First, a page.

Q&A with Dr Robert Pepper
This month Policy World talks to Dr Robert Pepper, Head, Global Connectivity Policy and Planning, Facebook
Q. Dr Pepper, you spoke at the 20th anniversary of IIC’s Italy Chapter earlier this month – and you referred to a presentation you had given at an IIC Telecommunications and Media Forum in DC 20 years before. (It can be accessed via this link.) You said some of the issues are not new but you said that what has happened is the evolution of the environment for these issues has moved very quickly. What has been the key change over these past years?
A. It is important to remember that computing and in turn, the Internet is a general purpose technology, similar to the printing press, electricity and the like. These are enabling technologies which resulted in dramatic change across other sectors – industry and society alike.
The key enabling change has been connectivity. Let me share this one slide with you, which illustrates the then (20 years ago) and the now:
The evolution of the Internet must be seen through the growth in connectivity and access to bandwidth. We are now living through what I call ‘the immersive experience’: 80% of internet traffic is video – that is very hungry of bandwidth and drives the need for spectrum.
Social media are creating communities and sub-communities of people who want to interact with one another. Users want to have the choice to control how, where and when they connect, and to see or do what they want.
We used to talk of applications but now we talk of apps – users can choose how they wish to interact with others, which messaging service they use, which form of voice they use. We did not have those choices twenty years ago.
But, above all, mobility is revolutionising not just our societies in terms of economic progress (which I shall talk about more) but also individual experiences. Wireless is the primary way people connect their devices.
And these changes in turn are requiring a rethink of policy.
Q. Before we look specifically at the ways in which policy might develop due to digitalisation, are we done with the rapid technology evolutions or is there yet more to come?
A. There is much more to come! We are looking towards the ‘digitally connected everything’. I talked about the Internet being an enabling technology – it is leading to the digital transformation of all aspects of our lives: family interactions, education, healthcare, business, our jobs and so on. It is connecting people and connecting things.
Q. So what does this mean for policy makers?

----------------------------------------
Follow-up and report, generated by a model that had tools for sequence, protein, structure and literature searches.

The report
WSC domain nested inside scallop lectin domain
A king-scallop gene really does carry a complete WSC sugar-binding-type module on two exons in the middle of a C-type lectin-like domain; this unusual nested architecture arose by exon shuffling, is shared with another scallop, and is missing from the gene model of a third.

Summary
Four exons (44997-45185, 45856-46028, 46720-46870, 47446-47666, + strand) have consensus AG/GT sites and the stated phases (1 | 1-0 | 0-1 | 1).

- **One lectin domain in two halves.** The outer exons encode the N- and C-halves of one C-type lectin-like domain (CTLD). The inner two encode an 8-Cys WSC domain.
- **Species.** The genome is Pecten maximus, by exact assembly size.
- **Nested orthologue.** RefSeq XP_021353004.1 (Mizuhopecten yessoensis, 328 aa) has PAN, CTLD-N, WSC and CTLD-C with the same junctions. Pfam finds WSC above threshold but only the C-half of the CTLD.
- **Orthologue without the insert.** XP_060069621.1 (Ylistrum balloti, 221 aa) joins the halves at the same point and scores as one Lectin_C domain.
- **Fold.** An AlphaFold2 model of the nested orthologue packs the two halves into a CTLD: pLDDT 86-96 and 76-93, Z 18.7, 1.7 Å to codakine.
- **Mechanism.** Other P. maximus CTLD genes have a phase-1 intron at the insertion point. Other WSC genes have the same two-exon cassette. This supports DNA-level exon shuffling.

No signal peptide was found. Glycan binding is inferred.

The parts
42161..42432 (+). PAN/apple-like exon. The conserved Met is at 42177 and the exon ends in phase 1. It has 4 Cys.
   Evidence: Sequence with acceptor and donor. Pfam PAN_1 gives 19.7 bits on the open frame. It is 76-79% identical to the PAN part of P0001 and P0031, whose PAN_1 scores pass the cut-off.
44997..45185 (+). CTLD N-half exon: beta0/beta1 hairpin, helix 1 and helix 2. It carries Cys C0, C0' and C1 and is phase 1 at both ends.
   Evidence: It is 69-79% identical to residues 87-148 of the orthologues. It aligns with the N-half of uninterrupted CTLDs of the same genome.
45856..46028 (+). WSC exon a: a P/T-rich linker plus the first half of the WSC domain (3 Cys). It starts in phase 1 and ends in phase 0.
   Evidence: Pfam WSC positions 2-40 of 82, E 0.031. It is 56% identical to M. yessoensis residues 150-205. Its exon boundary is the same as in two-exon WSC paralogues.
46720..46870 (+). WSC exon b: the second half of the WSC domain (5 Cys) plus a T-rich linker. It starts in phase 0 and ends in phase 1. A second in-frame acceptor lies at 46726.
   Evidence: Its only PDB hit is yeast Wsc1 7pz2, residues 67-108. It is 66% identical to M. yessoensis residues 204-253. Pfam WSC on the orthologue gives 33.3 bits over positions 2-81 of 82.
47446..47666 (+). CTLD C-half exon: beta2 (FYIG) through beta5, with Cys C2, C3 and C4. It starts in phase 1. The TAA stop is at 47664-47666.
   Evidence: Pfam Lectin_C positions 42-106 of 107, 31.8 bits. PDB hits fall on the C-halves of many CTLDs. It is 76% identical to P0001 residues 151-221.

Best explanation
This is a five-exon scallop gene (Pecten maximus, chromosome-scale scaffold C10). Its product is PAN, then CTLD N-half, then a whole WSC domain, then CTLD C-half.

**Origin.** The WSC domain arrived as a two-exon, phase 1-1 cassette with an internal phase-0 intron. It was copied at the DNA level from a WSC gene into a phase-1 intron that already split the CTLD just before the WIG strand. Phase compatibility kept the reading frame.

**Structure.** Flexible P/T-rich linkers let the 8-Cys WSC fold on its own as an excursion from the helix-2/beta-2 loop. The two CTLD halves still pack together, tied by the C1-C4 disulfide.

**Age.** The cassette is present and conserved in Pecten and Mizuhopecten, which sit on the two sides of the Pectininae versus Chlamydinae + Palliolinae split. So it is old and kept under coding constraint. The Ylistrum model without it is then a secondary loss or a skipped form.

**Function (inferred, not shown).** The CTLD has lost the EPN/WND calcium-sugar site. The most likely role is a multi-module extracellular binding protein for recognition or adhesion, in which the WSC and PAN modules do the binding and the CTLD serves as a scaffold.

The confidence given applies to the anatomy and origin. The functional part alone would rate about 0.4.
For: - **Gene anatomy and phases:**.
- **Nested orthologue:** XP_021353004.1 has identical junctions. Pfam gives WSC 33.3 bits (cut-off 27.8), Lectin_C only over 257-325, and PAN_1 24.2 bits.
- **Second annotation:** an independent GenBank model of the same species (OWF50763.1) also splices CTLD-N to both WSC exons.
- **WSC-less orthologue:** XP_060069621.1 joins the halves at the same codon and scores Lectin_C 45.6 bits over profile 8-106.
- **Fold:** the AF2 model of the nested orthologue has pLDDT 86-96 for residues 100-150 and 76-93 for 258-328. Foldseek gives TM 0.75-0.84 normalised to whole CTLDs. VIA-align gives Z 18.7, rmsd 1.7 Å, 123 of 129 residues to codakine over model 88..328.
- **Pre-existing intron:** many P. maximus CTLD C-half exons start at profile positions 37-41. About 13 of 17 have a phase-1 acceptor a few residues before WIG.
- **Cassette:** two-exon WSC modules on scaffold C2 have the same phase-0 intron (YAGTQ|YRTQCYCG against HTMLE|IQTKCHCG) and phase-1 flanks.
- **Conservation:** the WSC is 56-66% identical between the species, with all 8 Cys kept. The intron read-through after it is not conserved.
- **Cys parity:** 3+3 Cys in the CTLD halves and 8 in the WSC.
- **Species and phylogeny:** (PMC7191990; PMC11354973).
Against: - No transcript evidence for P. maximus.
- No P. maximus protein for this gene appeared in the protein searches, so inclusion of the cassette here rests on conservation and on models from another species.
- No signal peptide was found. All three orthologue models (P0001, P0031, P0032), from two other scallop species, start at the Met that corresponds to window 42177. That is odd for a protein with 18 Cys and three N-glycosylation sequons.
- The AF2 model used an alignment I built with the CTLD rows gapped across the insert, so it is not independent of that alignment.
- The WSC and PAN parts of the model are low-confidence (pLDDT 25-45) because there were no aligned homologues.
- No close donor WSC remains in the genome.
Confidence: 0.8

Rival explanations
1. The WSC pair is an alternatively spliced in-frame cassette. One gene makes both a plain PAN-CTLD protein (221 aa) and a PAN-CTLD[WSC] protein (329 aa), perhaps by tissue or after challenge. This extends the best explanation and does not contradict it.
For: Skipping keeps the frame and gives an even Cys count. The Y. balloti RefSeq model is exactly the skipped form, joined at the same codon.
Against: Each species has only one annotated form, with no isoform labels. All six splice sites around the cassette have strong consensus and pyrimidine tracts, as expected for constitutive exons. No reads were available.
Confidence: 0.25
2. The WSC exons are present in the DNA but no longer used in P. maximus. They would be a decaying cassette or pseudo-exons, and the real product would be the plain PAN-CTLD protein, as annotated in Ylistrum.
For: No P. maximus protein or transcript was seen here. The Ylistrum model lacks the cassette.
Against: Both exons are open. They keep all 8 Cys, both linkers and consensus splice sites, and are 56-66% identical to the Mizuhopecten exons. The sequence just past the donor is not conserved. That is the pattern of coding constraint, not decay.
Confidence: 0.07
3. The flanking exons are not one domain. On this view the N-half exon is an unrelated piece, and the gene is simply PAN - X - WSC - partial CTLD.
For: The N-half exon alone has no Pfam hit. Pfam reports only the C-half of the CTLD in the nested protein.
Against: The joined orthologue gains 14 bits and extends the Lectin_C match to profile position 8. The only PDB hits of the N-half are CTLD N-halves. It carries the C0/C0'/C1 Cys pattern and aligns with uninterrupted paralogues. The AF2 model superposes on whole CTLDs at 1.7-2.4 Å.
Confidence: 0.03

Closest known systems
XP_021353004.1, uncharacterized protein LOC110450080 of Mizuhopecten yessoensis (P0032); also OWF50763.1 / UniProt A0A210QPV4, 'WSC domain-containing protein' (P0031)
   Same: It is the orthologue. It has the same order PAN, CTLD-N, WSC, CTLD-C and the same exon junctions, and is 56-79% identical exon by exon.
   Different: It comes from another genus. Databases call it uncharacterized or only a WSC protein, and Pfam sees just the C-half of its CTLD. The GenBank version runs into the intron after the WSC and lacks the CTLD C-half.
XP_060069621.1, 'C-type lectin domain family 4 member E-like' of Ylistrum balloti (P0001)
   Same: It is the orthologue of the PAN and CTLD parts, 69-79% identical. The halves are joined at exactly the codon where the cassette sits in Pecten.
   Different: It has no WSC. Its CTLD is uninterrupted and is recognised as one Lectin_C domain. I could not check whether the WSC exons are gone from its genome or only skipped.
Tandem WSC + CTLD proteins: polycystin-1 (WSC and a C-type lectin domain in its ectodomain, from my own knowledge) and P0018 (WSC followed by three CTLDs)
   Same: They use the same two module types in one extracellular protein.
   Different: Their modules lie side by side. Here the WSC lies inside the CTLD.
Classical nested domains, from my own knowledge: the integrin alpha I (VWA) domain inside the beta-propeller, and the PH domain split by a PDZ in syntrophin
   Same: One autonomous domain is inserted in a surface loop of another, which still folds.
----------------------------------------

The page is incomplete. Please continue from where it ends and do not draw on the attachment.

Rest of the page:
A. These technologies and the way they are being used have the potential to transform almost every industry sector and policy makers, specifically regulators, are finding that they too, are facing dramatic change. Neither the company nor the regulator can predict technology, nor crucially can we predict how consumers are going to respond and use the Internet and the technological change it offers.
Many, if not most, telecommunications companies in the US that have been regulated at the network (transport) layer over the years are building or acquiring applications at the Internet layer and at the application layer, including video. And as these applications are not telecommunications transport, they are not subject to traditional telecommunications regulation which has enabled these companies to invest, innovate, transform and evolve their business model. This is not yet possible in Europe which has handicapped traditional telcos’ ability to transform – there is some catching up to do there.
4. Where now – what are key issues facing companies as they work through their business planning?
A. We need flexibility to have new business models, and no longer just in the telecommunications world but in the retail world and transportation, finance, manufacturing, media and right across all industries.
In terms of policy questions, we were already thinking about twenty years ago, almost every issue today was either already being debated or emerging, including privacy and safety on the Net with one exception. Twenty years ago, we didn’t fully anticipate the cyber security issues that are at the forefront of policy debates today. We were almost uniformly optimistic and not talking about how the internet might be abused.
Q. Dr Pepper, you were speaking at the IIC twenty years ago when you were at the FCC. You spoke at the most recent of our global events as well as this event in Rome. What do you think are the key attributes of the IIC and have they managed to grow alongside the market? Where should the Institute look next?
A. The IIC’s forums and conferences are excellent opportunities for regulators and industry players to network and learn from one another in a “trusted” environment. This trusted environment that the IIC provides is key to its success and comes from the decades of being a respected neutral forum based upon Chatham House Rules. I think the IIC must ensure that it reaches and engages early adopters, both in industry and the policy/regulatory world, to help policy makers see what’s possible and where technology, business, consumers and societies are going, in other words, what is ‘just around the corner.’ Policy needs to be adaptive and allow for innovation – the IIC has an important role in facilitating this evolution.